The virus that causes monkeypox has been confirmed in Ghana.
Five cases have been confirmed in the Eastern, Western, and Greater Accra areas, according to the Ghana Health Service.
As a result, Koenzanews.com looks into ways you, our valued reader, can keep safe:
During a 1958 examination into a pox-like disease in monkeys, the Monkeypox virus was discovered at the State Serum Institute in Copenhagen, Denmark.
However, it was first discovered in a 9-year-old kid in Zaire (now the Democratic Republic of Congo) in 1970, in a territory where smallpox had been eradicated in 1968.
Monkeypox cases were confirmed in the Midwest of the United States of America in the spring of 2003, marking the disease’s first recorded incidence outside of Africa.
The majority of the patients have had close encounters with prairie dogs as pets.
Direct contact with the blood, body fluids, or cutaneous or mucosal lesions of infected animals causes infection.
Human infections have also been reported as a result of touching sick monkeys, rats, and squirrels, with rodents serving as the virus’s primary reservoir.
Transmission is predominantly through droplet respiratory particles, which necessitate prolonged face-to-face contact, putting household members of active cases at higher risk of infection.
Inoculation or the placenta can also be used to spread the disease (congenital monkeypox). To present, there is no indication that monkeypox infections can be sustained in the human population only by person-to-person transmission.
Close contact with infected respiratory tract secretions, skin lesions (open wounds/injuries) of an infected individual, or objects recently contaminated by patient fluids or lesion materials can result in secondary, or human-to-human, transmission.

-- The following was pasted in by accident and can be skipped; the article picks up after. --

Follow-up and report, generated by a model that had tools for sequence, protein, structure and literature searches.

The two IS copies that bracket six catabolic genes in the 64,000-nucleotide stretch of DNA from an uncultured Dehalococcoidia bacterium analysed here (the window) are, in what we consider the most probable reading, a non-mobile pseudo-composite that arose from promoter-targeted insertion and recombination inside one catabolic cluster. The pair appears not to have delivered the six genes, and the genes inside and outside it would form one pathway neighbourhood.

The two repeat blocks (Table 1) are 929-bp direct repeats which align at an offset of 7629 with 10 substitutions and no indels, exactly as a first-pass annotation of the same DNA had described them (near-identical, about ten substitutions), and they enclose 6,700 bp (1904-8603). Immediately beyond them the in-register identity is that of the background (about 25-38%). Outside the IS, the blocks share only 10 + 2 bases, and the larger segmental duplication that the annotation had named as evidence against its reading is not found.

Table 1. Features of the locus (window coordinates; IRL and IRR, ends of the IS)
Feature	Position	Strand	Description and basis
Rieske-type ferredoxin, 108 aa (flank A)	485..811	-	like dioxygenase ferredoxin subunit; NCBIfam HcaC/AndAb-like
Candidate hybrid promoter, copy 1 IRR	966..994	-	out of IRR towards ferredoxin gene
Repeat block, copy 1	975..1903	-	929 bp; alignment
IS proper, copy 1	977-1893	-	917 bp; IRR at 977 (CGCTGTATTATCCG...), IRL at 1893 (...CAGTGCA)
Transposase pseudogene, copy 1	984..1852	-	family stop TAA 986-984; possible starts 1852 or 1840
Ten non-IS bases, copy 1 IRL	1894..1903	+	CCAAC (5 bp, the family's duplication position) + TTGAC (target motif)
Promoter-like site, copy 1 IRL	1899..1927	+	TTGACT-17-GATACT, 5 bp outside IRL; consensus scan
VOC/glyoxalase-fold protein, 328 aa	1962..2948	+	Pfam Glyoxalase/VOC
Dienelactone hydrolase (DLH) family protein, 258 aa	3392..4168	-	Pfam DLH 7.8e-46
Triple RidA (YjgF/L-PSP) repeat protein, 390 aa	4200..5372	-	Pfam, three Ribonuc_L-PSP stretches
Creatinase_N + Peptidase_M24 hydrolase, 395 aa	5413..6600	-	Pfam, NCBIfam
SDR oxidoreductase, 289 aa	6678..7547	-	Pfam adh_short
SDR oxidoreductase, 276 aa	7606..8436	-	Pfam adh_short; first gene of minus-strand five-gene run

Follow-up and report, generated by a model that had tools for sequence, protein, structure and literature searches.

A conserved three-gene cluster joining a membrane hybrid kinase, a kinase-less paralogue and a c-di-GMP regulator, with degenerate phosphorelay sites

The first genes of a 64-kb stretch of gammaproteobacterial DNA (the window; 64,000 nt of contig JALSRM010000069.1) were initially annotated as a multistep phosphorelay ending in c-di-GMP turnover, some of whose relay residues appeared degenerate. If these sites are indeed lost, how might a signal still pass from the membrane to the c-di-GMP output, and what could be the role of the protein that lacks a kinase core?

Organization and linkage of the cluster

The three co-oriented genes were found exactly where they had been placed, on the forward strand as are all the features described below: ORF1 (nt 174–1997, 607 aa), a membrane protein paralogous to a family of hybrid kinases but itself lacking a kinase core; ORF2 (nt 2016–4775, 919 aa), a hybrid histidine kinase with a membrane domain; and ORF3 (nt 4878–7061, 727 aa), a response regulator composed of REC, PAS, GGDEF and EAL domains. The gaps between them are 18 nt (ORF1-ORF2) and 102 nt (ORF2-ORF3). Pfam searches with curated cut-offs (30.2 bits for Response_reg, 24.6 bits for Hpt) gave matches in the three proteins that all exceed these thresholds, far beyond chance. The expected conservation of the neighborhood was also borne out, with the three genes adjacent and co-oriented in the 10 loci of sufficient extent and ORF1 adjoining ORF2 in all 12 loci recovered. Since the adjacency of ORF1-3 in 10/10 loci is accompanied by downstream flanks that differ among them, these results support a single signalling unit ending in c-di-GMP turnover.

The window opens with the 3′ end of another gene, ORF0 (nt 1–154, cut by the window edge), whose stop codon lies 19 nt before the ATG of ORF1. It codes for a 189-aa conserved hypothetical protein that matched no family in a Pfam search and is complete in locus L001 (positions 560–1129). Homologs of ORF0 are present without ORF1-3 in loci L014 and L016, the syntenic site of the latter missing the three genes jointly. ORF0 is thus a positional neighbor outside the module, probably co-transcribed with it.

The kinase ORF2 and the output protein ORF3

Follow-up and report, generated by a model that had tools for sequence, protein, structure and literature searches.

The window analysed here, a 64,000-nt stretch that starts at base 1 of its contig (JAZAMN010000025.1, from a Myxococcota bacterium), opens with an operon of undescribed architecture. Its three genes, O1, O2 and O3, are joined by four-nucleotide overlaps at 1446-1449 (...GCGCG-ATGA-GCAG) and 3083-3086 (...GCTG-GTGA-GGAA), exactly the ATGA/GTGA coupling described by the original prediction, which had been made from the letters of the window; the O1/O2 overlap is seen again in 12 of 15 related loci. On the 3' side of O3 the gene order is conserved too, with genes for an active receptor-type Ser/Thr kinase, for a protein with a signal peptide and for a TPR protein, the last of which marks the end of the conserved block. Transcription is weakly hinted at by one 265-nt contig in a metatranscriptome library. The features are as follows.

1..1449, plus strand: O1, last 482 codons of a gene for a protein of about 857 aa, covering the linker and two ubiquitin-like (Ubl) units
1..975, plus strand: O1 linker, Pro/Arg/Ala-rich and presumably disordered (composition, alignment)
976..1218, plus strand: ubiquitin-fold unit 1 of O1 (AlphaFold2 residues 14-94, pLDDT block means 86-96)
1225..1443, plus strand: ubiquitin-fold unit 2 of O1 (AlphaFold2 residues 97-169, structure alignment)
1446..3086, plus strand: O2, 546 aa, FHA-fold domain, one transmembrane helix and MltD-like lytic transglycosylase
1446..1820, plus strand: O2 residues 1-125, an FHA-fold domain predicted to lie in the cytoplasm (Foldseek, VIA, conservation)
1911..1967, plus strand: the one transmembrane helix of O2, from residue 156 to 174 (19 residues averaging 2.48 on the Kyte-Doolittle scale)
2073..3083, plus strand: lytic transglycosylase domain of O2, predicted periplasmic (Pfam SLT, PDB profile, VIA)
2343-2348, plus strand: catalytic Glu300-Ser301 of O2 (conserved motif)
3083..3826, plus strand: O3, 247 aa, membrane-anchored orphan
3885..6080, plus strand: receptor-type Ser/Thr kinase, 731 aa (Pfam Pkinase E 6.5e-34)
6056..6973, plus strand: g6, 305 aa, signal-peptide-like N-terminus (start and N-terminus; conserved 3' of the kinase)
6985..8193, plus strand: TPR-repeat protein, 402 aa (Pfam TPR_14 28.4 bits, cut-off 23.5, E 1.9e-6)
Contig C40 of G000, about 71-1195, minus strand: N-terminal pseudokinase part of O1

Monkeypox takes 6 to 16 days to incubate (from infection to beginning of symptoms), although it can take anywhere from 5 to 21 days.
Monkeypox is a self-limiting disease with symptoms lasting between 14 and 21 days.
The infection can be broken down into two stages:
Fever, severe headache, lymphadenopathy (lymph node swelling), back pain, myalgia (muscle discomfort), and severe asthenia (lack of energy) characterize the invasion stage (0-5 days).
The skin eruption period (which occurs within 1-3 days following the onset of fever) during which the various stages of the rash show, usually starting on the face and then spreading to other parts of the body.
The face (in 95% of cases), palms of hands, and soles of feet (in 75% of cases) are the most affected.
Factor of Risk
People who live in or near forest regions may be exposed to infected animals in an indirect or low-level manner, resulting in subclinical (asymptomatic) illness.
The case fatality rate has varied greatly between epidemics, although in known episodes, it has been less than 10%, especially among small children. Monkeypox appears to be more prevalent among younger age groups.
Monkeypox can only be definitively diagnosed in a laboratory, where the virus may be identified using a variety of assays.
Other rash illnesses, including as smallpox, chickenpox, measles, bacterial skin infections, scabies, syphilis, and medication-related allergies, must be examined in the differential diagnosis.
Monkeypox illness does not have any specific treatments or vaccinations, however outbreaks can be managed.
Vaccination against smallpox has previously been shown to be 85 percent effective in preventing monkeypox, but the vaccine is no longer available to the general public after global smallpox eradication.
The only approach to prevent infection in humans in the absence of a specialized therapy or vaccine is to raise awareness of the risk factors and educate people about the steps they may take to decrease viral exposure.
Hand washing should be done after caring for or visiting sick patients on a regular basis.
Taking steps to reduce the risk of human-to-human transmission. In endemic areas, efforts to prevent transmission should focus on properly boiling all animal products (blood, meat) before consumption.
It is highly recommended to send public health educational messages through the media – broadcast, electronic, and social.
Healthcare personnel, as well as individuals who handle or are exposed to monkeypox patients or their samples, should consider becoming smallpox inoculated through their national health authority.